Swiss Re

 

“We have a strong reputation in innovative re/insurance and risk management solutions. We provide wholesale re/insurance products, insurance-based capital market instruments, and supplementary risk management services to Property & Casualty and Life & Health clients and brokers around the globe.”

See Swiss Re, About Our Business.

 

Climate Change:

Swiss Re’s research on climate change can be found here.

Natural Catastrophes:

Swiss Re’s research on natural catastrophes can be found here.

Creating Sustainability Solutions

“We apply our core competencies to develop innovative solutions that help address particular sustainability issues. Currently, our efforts are focused on two areas: extending insurance cover in emerging markets and adapting to climate change.

“Insufficient insurance cover is a major challenge for emerging markets and a persistent development obstacle. Over the last few years, we have developed a range of products that improve insurance protection against key risks such as earthquakes, windstorms and droughts. Striking up partnerships with governments and public-sector organisations has been a vital component of these efforts.

“In the fight against climate change, efficient adaptation measures are gaining in importance. We are a leader in insurance-linked securities (ILS), which can provide additional cover against windstorms and other peak risks by tapping capital markets funds. Our Economics of Climate Adaptation study, recently developed with several partner organisations, provides an easy-to-use toolbox for governments to assess the cost-effectiveness of various adaptation measures.”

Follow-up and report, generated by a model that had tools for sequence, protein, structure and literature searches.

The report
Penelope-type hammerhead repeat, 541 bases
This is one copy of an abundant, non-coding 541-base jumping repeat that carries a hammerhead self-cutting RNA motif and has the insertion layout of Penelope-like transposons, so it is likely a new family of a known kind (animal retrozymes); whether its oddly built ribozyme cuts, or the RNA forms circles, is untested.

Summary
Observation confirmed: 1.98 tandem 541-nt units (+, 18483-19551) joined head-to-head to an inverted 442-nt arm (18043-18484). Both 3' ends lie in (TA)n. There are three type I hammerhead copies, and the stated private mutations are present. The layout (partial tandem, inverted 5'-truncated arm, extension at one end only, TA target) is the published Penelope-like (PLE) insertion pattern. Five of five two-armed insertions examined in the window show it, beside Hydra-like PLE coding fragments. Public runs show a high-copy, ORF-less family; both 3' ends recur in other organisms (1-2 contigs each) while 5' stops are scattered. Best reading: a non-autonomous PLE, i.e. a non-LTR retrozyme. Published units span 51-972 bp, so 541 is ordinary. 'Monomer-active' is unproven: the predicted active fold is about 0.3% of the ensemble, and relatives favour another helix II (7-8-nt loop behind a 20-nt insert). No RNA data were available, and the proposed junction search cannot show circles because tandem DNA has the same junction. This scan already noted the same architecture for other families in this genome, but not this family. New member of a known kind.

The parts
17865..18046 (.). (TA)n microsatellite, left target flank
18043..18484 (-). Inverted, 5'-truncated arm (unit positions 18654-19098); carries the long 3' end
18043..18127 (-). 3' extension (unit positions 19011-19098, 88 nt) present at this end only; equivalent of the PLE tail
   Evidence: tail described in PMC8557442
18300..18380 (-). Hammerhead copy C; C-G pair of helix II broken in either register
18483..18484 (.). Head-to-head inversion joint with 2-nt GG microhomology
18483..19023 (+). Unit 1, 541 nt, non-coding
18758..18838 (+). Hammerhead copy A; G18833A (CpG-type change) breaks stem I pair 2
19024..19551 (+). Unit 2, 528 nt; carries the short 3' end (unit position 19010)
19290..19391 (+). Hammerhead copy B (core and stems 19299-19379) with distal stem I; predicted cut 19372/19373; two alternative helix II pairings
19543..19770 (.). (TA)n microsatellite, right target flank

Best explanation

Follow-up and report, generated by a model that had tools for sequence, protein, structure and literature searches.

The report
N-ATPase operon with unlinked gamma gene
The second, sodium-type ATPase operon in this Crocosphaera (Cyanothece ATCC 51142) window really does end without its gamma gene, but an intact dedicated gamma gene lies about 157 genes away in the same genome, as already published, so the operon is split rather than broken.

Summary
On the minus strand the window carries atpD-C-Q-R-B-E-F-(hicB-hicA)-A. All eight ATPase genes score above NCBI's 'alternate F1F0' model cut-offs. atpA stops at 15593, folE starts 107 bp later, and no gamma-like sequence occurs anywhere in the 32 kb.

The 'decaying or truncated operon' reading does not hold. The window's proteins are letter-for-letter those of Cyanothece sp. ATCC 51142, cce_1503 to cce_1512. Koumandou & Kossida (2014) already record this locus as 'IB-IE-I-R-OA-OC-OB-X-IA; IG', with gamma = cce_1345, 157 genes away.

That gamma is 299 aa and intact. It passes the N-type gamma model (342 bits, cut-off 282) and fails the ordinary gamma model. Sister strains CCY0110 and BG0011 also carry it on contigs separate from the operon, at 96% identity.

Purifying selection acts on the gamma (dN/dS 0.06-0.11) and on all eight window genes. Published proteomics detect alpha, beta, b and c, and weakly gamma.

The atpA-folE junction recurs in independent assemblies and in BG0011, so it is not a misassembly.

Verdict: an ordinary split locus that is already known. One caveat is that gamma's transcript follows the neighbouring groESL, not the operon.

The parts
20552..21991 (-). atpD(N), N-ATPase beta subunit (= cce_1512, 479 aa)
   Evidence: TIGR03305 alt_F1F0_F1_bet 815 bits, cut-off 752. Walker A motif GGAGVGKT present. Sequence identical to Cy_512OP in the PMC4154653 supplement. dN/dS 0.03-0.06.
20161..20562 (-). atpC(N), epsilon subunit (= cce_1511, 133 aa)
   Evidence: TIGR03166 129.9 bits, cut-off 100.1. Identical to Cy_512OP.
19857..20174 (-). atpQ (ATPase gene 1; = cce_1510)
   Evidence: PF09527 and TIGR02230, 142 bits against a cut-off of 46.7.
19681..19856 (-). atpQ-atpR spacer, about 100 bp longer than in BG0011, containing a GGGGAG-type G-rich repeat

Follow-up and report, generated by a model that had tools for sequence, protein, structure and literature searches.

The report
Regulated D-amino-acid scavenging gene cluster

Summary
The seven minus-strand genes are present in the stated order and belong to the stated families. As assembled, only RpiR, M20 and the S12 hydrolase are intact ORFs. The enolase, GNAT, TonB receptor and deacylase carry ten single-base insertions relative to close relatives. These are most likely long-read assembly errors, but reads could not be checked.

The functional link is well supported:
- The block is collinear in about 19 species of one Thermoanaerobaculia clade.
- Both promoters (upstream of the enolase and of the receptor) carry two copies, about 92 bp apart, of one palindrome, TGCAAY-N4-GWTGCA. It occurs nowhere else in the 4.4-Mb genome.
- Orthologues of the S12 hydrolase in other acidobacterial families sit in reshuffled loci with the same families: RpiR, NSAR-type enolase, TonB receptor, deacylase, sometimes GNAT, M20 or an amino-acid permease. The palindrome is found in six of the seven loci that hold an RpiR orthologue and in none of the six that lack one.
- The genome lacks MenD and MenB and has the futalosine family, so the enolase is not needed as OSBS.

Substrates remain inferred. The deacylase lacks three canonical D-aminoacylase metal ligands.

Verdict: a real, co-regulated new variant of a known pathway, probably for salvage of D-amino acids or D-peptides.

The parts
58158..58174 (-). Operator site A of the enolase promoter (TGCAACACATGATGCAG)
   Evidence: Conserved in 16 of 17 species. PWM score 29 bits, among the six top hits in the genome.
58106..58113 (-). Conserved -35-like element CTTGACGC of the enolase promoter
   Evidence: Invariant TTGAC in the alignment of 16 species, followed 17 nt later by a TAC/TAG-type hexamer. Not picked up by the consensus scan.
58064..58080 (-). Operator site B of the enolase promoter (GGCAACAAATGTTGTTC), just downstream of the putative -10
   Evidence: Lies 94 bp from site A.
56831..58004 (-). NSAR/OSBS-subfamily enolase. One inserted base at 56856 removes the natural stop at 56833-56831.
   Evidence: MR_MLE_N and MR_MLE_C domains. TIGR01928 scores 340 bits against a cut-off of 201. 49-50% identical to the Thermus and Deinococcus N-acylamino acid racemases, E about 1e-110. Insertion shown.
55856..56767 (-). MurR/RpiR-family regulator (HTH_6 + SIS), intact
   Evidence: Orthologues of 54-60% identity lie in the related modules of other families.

See Swiss Re, Sustainability Solutions.

 

Art and Architecture at Swiss Re

“Our engagement in the areas of art and architecture has a long tradition and is firmly embedded in our corporate culture. Superior architecture and art are an expression of stringent quality, continuity and sustainability demands. They substantiate the Swiss Re brand and the company’s ability to take on the challenges of the future in an open, competent, confident and socially responsible manner.”

See Swiss Re, Art and Architecture.

 

Making Societies More Resilient to Large Risks:

“At a time of increasing resource constraints, governments are faced with an ever broader array of risks ranging from natural catastrophes, such as earthquakes and hurricanes, to pandemics and terrorism. Adapting to climate change is another major challenge for most countries, particularly in the developing world. The recent earthquakes in Haiti and Chile were tragic reminders of the enormous strain that one single disaster can put on a government and a whole nation. But they also poignantly revealed how a country’s level of preparedness and management of risk can make all the difference when a disaster strikes.”